This may seem obvious but just copying a list and sideboard is one of the most common traps I see grinders walk into. This is lot of work, try to find a friend who plays the same deck so you can prepare together for a tournament, which should reduce the workload by a huge amount. Also, working together with someone or a group of people is way more fun and will help you to not get bored.

For GP Stockholm, I copied Javier Doming (q) uez his list to start with and in the end my sideboard only had 1 card different from what he played with 2 weeks before: -1 《Surgical Extraction》 +1 《Ceremonious Rejection》.

Ceremonious Rejection

That doesn't mean that I didn't play with anything else, actually, the sideboard looked totally different after the first few leagues, I tried out:

《Rest in Peace》:

Rest in Peace

After Pro Tour 25th Anniversary the Bridgevine deck was super hyped so it was clear to me that Javier wanted to defeat that deck. I figured the deck would be less popular and 《Rest in Peace》 seemed like a better card vs Dredge. However, 《Surgical Extraction》 is also essential to defeat Tron with the 《Field of Ruin》 combo.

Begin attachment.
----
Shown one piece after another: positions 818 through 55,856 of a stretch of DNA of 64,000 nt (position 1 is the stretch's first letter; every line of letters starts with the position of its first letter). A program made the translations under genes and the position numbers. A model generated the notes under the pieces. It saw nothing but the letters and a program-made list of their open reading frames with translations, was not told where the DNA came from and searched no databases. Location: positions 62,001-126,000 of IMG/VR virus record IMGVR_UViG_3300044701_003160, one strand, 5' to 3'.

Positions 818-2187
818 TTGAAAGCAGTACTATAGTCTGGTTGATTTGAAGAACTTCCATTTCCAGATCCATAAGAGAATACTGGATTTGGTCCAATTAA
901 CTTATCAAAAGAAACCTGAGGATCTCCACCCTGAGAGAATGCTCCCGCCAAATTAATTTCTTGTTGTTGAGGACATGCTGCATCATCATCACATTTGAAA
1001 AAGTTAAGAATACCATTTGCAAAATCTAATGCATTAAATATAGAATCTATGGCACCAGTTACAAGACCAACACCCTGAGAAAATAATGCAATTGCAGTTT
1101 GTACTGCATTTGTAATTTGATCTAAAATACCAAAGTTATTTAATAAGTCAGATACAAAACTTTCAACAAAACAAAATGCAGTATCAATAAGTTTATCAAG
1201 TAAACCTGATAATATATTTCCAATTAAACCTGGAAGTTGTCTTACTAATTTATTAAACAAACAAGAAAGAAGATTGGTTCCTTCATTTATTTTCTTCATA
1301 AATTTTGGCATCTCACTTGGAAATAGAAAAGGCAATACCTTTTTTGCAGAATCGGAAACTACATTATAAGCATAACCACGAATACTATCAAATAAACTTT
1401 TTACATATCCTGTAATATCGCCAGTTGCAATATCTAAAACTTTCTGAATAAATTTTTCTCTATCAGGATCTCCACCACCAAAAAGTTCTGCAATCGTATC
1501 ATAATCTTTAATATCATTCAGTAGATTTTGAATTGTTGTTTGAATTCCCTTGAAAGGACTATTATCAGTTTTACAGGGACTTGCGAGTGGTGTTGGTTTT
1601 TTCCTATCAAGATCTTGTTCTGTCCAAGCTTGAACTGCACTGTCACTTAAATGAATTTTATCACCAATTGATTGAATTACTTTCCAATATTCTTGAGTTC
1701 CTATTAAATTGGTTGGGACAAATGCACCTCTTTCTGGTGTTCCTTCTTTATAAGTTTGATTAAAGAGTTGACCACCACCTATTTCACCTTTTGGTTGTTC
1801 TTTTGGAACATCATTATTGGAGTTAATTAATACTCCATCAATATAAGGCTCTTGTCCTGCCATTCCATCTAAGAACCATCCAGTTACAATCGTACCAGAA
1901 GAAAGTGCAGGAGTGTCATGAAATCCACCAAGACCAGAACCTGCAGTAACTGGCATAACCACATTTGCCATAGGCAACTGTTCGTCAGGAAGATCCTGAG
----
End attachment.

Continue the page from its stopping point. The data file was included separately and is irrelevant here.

《Spell Pierce》:

Spell Pierce

I thought 《Spell Pierce》 would be a lot better in the mirror as you can also counter a 《Jace, the Mind Sculptor》 and 《Teferi, Hero of Dominaria》. However, nobody would ever cast a 《Jace》 or 《Teferi》 with only 4 or 5 mana. Also, having the initial also is never the problem, it's more about winning the counter war and for this 《Dispel》 is just so much better than 《Spell Pierce》.

《Damping Sphere》:

Damping Sphere

I tried this card instead of 《Vendilion Clique》 against combo. I realized soon though that when you play against either UR Storm or KCI you can't sit back and relax as a control player, you need to actively have a plan to beat them. A 3/1 flash that disrupts your opponents hand helps you a lot with setting a clock and forcing them to go for the combo.

Going down to 1 《Baneslayer Angel》:

Baneslayer Angel